State Medical Society Walks the “Get Healthy” Walk

For Immediate Release
Nov. 17, 2011

 

Contact: Pam Udall
phone: (512) 370-1382
cell: (512) 413-6807

Brent Annear
phone: (512) 370-1381
cell: (512) 656-7320

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Obesity is epidemic in Texas, threatening health and health care budgets. The Texas Medical Association (TMA) has long advocated for worksite wellness programs to combat this problem. Now employees at America’s largest state medical society aren’t just “talking the talk” about getting more fit; they are “walking the walk” as well.

TMA and TMA Insurance Trust (TMAIT) have embraced a worksite wellness program called Get FIT to improve health and fitness. Employees hit the gym together weekly, and collectively they have shed more than 368 pounds since last year.

“We’re excited to be doing this. TMA’s vision is ‘to improve the health of all Texans,’ so it makes sense to put that into action right here at home,” says Lou Goodman, PhD, TMA’s executive vice president and chief executive officer.  

TMA teamed up with The University of Texas’ (UT’s) Get FIT program in 2010 to offer staff organized workouts and nutrition education over 12-week sessions. TMA currently is in the midst of its fifth session.   

The program produced immediate results after just the first session. The initial class of 32 TMA/TMAIT employees lost a collective 147 pounds, averaging nearly 7 pounds of fat loss while adding more muscle. Word of the success got out, and 68 people joined the next 12-week session, losing 174 pounds — equivalent to a whole person. Success stories abound, like the one Get FIT participant who lost 62 pounds in his first two sessions, and another who dropped 46 “bad” cholesterol points. 

How Get FIT Works: Kinesiology experts at UT’s Get FIT program first analyze each participant’s body composition using a technique called dual energy x-ray absorptiometry (DEXA). It measures how much of an individual’s body is fat, lean, and bone mass. The DEXA method also isolates body regions (arms, trunk, and legs). “Love handles?” Thick thighs? Big backside? As a participant, this writer can attest: One’s first full-body x-ray image might not be pretty: The DEXA reveals all!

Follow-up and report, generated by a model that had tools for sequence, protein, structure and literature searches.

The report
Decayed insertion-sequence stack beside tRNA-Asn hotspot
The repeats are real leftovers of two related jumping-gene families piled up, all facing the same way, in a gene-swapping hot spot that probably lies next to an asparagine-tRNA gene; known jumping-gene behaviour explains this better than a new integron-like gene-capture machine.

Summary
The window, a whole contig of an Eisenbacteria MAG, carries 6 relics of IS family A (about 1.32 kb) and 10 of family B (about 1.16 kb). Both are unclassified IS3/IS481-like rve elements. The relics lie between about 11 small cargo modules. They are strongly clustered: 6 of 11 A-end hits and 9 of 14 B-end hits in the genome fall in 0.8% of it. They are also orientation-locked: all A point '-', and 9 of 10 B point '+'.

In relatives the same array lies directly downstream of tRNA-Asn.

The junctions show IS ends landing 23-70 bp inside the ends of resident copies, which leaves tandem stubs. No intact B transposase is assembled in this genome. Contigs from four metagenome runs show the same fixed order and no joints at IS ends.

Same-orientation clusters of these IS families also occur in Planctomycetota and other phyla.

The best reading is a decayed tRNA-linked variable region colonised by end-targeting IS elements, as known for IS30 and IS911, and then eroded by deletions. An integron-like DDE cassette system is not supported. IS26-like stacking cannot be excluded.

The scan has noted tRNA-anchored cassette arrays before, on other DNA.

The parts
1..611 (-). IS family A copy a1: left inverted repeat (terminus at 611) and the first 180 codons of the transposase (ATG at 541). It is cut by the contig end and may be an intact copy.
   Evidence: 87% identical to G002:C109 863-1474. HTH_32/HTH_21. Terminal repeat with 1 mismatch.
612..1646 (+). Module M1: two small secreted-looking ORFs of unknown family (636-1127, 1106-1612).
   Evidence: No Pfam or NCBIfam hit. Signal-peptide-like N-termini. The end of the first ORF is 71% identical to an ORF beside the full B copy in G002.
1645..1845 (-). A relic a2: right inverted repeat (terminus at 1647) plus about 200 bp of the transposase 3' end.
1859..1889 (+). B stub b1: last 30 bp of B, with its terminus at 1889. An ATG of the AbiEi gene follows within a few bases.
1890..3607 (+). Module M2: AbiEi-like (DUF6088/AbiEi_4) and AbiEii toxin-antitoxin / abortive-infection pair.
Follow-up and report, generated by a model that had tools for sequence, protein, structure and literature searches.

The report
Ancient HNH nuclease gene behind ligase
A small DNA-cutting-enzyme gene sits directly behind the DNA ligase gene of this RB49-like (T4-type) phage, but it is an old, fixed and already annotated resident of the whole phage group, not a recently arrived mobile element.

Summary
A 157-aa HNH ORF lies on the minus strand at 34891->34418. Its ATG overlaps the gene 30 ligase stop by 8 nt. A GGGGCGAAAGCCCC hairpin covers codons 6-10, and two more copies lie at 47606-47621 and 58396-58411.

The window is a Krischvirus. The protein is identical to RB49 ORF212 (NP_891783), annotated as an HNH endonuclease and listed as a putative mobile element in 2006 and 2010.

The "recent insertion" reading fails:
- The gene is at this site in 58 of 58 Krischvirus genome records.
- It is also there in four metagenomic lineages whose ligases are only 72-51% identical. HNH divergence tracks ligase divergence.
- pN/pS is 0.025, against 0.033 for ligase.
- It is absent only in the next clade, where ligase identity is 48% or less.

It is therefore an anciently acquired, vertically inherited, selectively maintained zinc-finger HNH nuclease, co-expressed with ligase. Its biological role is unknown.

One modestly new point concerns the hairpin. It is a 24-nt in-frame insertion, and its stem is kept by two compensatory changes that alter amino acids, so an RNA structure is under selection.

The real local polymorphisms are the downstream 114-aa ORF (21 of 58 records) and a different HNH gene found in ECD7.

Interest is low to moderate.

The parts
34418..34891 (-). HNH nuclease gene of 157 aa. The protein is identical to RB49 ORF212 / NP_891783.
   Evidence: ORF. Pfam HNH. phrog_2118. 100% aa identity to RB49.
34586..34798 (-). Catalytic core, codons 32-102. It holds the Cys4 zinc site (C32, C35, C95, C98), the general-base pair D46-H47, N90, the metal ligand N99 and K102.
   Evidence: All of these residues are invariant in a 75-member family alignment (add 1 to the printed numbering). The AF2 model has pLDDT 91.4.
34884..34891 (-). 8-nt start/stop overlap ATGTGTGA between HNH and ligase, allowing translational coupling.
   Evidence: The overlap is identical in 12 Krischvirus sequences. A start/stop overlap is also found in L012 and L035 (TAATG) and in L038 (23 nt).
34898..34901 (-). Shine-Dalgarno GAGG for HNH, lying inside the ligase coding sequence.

TMA uses the carrot approach, rather than the stick: Participation is purely voluntary, but the association incentivizes those who commit to the program. When a staffer signs up, he or she pays the initial cost. However TMA will reimburse participants who don’t miss more than two classes. UT’s Get FIT trainers design and oversee the group workouts, pushing the huffing-and-puffing exercisers twice a week. Workouts are held in the TMA cafeteria, gym, and occasionally outdoors. Typically about 50 people work out together twice each week in one of three different classes, in the early morning or afternoon. A weekly yoga class also is available. A nutritionist also teaches first-time participants about the critical role that proper diet plays in their success.  

“The balance of mind-set, nutrition, and physical activity in this program is a perfect combination,” says TMAIT Get FIT participant Nealy Ramirez. “I have enjoyed the class, had fun, and discovered that I push myself a lot harder in this group setting than in an individual setting.” She adds that the UT staff does a good job of knowing which participants to push to the next level, and when.

The participants’ improved physical health also helps the association’s fiscal health. TMA hopes to show its health insurer that employees are generally in better health so they visit the doctor less often and rely on fewer prescriptions. The plan creates a healthy model for other businesses to follow: Endorse and participate in an employee wellness program to lessen health care utilization, and reduce health care costs in the long-run.

Given the success stories they have seen thus far, TMA leaders know it is possible.

The American Institute for Preventive Medicine found companies save nearly $3.50 in medical costs for every dollar they invest in worksite wellness programs. Participating workers also show up for work more, too: Companies save more than $5.80 in reduced absenteeism per dollar invested.

“TMA and our physician leaders invested in this program because they care about our staff,” says Dr. Goodman. “Though it is a large enough investment to consider thoughtfully, we know it pays dividends in the health and happiness of our people, and in the health of our bottom line, too.”

The fact that TMA offers Get FIT to employees might be one of the reasons the Austin American-Statesman has named TMA to its Top Workplaces list of the best places to work in the greater Austin area.

TMA is the largest state medical society in the nation, representing more than 45,000 physician and medical student members. It is located in Austin and has 120 component county medical societies around the state. TMA’s key objective since 1853 is to improve the health of all Texans.

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